Furthermore, this executive bill DOES NOT include the thousands of minors apprehended  at the border and who now face immigration proceedings as adults. As SHARE, we believe that these children migrating from El Salvador, Honduras, and Guatemala need to be acknowledged as refugees. It is our moral obligation to ensure their safety and basic human rights. For this, SHARE has relaunched our involvement with the Sanctuary Movement to mobilize churches and communities particularly in the San Francisco Bay Area but also nationwide  to receive and protect children and families escaping violence in their home countries.

Reverend Deb, Eileen Purcell watch as SHARE Director Jose Artiga speaks about the Sanctuary Movement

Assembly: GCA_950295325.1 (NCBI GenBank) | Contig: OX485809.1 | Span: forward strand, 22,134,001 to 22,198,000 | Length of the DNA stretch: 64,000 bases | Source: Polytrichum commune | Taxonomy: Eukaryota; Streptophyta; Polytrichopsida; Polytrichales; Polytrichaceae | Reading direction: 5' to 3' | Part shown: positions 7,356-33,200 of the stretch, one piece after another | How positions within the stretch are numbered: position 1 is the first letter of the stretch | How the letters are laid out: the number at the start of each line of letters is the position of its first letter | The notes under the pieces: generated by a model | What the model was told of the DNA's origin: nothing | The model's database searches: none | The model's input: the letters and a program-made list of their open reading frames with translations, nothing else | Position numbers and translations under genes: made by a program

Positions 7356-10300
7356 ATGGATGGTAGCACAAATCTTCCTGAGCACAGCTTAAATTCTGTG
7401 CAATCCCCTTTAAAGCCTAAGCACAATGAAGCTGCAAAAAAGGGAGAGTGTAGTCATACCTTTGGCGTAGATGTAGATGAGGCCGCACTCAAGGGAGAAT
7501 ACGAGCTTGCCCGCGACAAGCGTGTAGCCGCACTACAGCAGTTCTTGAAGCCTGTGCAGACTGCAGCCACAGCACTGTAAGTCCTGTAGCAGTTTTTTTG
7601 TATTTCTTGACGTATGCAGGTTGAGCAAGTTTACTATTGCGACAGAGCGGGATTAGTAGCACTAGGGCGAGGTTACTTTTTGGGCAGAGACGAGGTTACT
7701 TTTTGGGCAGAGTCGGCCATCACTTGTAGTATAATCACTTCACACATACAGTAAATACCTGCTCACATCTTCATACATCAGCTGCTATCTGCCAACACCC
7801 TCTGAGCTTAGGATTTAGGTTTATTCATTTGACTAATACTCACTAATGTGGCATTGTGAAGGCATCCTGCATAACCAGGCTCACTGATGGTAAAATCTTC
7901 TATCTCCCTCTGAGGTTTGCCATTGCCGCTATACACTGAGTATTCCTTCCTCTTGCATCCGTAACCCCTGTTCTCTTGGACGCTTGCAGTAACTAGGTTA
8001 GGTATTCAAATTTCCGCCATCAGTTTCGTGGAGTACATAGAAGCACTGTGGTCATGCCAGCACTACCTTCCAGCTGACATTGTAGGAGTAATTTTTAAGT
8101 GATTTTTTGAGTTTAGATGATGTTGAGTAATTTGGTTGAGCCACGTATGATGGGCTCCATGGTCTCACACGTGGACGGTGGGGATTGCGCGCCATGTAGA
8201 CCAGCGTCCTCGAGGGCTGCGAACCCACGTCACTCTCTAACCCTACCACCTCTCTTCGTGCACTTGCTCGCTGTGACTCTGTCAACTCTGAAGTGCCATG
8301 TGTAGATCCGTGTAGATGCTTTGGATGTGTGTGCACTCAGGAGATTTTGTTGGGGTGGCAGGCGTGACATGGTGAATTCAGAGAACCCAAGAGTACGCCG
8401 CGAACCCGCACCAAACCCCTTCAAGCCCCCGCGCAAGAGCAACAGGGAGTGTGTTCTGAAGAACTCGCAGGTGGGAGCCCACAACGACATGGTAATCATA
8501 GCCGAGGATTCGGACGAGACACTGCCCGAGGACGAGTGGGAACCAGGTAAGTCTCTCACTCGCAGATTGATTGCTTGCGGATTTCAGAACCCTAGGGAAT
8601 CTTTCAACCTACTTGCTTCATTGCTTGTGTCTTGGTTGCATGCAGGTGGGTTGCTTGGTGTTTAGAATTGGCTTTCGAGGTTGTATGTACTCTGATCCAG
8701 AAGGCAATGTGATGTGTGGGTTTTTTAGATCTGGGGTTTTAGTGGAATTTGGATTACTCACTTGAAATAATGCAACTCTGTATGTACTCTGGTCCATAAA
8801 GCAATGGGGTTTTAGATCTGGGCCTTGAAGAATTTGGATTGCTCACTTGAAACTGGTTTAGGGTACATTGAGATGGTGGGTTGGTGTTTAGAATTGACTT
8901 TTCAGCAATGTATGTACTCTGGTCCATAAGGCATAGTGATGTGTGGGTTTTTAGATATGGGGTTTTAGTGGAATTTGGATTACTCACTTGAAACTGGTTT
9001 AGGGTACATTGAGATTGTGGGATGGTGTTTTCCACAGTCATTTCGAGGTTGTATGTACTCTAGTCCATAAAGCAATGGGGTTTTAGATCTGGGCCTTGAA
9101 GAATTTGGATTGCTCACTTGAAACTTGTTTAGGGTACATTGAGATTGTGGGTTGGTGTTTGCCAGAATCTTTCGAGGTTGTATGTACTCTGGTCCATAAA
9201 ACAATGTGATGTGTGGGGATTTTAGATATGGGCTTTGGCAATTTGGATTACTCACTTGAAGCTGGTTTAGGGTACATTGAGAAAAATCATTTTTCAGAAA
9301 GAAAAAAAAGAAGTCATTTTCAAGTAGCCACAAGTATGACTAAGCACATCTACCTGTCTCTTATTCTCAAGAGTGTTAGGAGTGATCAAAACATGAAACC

Reverend Deb and Eileen Purcell watch as SHARE Director Jose Artiga speaks about the Sanctuary Movement

Last week, President Obama stated that he will see to it that “illegal immigrants” start paying taxes, which alludes to the fact that undocumented immigrants have not been paying into the US tax system and that a human being can be illegal. However, 480 million dollars in revenue annually comes from this population. His assertion is based on ignorance and is insulting. No human life is illegal.